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One of the most frequently asked questions we get is, how should I invest in my 401(k)? Well, that all depends on who you ask and where are in life. 401 (k) plans have $6.4 trillion in assets as of 2019 between 60 million active participants. That is an enormous amount of money that requires a great deal of attention. According to ThinkAdvisor, in 2018 U.S., retirement assets accounted for 1/3 of household financial assets, totaling $29.2 trillion! We can keep going on and on with the facts. As you can imagine, your retirement assets are a huge deal. Here are some of the ways you can manage your retirement assets that you may have not been aware of.



Set it and forget it/target-date funds

This is by far the most common way individuals handle their retirement accounts at work. A study by Vanguard showed that in 2020, 50% of participants invested their money into a target date fund. For most retirement accounts, the target-date fund series is the qualified default investment option. This means that an individual who signs up to participate in their at-work retirement plan will most likely end up in a fund that corresponds to their 65-67th birthday. In turn, the portfolio manager running the target-date fund will make changes to the portfolio overtime. The objective is to make the investments more conservative until the target year is reached. The idea makes sense for many investors, but it fails to take into consideration other facts such as early/later retirement or, not retiring in the target year the participant was assigned to. Time horizon and risk tolerance also play a significant role. Not all 40 or 60-year-olds have the same time horizon or appetite for risk. Other factors such as Social Security, pensions and longevity must also be factored into an asset allocation.

On the same that same note, I have seen retirement plans that do not offer target-date funds or a qualified default investment option. This means that the participant in the plan my be put into an unsuitable investment options such as a money-market fund (similar to cash) or an S&P 500 fund. Take a quick look at your most recent 401(k) and you will be able to determine where your money is allocated to.


The family member/friend/coworker

Most of these individuals enjoy doing the research and may be successful at managing their own assets. The problem is that their goals will not necessarily match yours. I worked with a client who received advice from her 60-year-old uncle, while she was in her 30s. in doing so, her assets were not invested correctly. Her uncle had put most of his funds in conservative investments such as bond mutual funds and ETFs as he was 6 years away from retirement. Her assets gave up years of market growth by not having the proper exposure to the market at a younger age.

I have also seen an individual take advice from a coworker or friend and not make changes for years. We brought on a client last year who had overhead a conversation from his coworkers regarding a market correction about 3 years ago. He then rushed to move his money into cash like holdings. Over the last 3 years prior to working with us, the S&P 500 returned about 49% vs .01% from her money-market fund. As you can imagine, he was not too happy with upside potential he had given up.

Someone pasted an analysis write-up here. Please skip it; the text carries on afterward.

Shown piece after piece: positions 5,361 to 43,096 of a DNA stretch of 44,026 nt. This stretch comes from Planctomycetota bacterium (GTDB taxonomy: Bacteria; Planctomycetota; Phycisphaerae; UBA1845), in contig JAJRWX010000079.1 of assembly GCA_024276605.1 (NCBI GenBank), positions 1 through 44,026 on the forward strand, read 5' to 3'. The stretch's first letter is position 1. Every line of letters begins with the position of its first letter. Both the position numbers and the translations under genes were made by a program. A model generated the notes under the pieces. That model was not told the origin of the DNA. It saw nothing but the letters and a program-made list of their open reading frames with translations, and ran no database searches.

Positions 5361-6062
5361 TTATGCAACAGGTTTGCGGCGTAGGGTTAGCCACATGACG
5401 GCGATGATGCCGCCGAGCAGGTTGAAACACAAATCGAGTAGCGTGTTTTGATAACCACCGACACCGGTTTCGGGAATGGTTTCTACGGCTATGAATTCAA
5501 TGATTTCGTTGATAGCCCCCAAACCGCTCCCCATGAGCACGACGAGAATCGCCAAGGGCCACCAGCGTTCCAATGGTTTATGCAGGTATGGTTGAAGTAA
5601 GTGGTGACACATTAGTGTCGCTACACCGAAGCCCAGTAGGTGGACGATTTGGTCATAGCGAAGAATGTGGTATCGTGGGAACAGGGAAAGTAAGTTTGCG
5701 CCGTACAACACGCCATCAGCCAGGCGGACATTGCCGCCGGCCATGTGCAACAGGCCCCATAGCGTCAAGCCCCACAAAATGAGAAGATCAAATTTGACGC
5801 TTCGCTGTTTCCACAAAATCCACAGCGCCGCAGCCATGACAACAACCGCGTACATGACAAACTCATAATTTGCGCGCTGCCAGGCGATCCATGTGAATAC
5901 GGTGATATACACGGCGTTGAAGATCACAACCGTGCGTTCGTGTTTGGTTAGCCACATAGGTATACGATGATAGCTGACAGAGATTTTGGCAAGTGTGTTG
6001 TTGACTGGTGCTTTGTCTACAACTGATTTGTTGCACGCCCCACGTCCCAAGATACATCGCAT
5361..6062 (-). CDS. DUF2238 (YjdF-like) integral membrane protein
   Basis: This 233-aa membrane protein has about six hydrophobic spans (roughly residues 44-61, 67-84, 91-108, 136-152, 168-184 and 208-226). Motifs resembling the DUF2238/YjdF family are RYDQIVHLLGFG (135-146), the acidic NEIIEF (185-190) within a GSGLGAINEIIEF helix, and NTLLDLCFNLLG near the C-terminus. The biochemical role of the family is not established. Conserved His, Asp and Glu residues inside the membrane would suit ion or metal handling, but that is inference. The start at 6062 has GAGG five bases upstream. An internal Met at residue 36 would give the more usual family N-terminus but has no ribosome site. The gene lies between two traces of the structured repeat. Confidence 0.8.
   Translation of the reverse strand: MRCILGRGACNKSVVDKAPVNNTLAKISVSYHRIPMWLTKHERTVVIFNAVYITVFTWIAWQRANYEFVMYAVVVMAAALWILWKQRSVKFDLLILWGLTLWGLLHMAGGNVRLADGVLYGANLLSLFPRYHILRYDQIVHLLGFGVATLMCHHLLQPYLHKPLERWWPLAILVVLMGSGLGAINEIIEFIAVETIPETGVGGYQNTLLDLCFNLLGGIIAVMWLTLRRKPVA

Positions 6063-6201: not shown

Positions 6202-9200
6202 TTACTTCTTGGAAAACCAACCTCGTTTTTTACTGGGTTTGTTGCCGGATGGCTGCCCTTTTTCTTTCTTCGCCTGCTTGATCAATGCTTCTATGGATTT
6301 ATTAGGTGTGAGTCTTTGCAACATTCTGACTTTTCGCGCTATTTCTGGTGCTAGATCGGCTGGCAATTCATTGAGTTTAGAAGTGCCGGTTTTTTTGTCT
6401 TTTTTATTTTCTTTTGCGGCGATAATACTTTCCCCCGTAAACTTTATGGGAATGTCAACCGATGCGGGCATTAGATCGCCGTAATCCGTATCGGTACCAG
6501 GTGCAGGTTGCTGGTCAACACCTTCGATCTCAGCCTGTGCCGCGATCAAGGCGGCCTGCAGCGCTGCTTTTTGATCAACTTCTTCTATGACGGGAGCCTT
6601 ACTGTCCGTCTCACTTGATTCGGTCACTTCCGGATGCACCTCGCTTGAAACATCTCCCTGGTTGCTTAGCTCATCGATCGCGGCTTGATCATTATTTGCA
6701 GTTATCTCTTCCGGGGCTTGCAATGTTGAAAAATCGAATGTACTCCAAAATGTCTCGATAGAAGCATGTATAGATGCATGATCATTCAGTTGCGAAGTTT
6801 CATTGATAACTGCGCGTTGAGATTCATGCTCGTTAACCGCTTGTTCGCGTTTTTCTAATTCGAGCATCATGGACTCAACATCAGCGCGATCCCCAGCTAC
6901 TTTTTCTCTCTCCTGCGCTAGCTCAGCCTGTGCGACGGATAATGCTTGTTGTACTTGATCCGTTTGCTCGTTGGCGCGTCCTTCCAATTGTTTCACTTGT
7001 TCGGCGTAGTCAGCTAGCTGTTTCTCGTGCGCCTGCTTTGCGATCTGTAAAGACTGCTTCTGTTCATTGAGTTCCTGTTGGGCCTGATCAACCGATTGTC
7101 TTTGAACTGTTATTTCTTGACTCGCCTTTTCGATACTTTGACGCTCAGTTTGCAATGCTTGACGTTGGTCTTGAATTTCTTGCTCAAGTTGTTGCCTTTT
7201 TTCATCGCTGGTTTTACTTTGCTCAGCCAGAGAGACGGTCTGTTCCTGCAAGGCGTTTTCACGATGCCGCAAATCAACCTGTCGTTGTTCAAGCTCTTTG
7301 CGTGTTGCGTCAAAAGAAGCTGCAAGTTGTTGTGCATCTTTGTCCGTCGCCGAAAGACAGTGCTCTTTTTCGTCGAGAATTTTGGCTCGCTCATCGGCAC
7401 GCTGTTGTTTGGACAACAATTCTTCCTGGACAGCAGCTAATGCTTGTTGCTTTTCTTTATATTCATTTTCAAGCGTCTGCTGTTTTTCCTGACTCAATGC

Do it yourself

The do-it-yourself options does not appeal to many, due to the extremely daunting tasks that it requires. The responsibility of making trades, rebalancing, and redirecting future contributions falls on the participant. Additionally, there is some market research needed which becomes the participant’s responsibility. In managing your own assets, you will have access to an average of 20-27 investment options as part of the core fund lineup. In most plans, about 10 for these funds are target-date funds from the same family which could create redundancies. The investment menu is somewhat limited, but most plans offer a broad market exposure. Some plans also offer access to self-directed brokerage accounts, which I will discuss next.


Work with a professional

There are many ways to work with a professional and professional advice. Some financial advisors are not able to advise their clients on their retirement assets in a work-sponsored plan. Most of it comes down to compliance restrictions, the lack of compensation and the added risk. In the previous companies that I worked in, giving 401(k) advice was a huge no-no.

The first option when working with our clients, is to use the core fund lineup in the plan. In doing so, we can build a portfolio based on the client’s risk tolerance or time horizon. Additionally, our approach is more comprehensive as we take into consideration other factors such as other assets, sources of income, taxes, and estate planning amongst many. Once the allocation is determined, we can either trade the account on behalf of the client or send periodic updates that the client would then execute.

Some retirement plans allow for a self-directed brokerage account or, SBDA. A self-directed brokerage account is simply a brokerage account that lives within your 401(k), 457 or 403(b) plan. From experience, plans offered by large employers such as Banner Health, Intel, General Dynamics, Dignity Health, Tenet Health amongst many, offer this option. The SBDA allows for access to more investment options than the core plan. These options include ETFs, mutual funds and individual stocks and bonds. The participant can also allow for third-party trading which would allow their advisor to execute said trades. In doing so, we can take over and the 401(k) management through discretionary trading.

Now that you know a bit more about 401(k), go out and do some research to see which option is a better fit. Each options pros and cons should be considered as not all investors are the same. Please reach out with any questions!


Until next time, stay safe and well.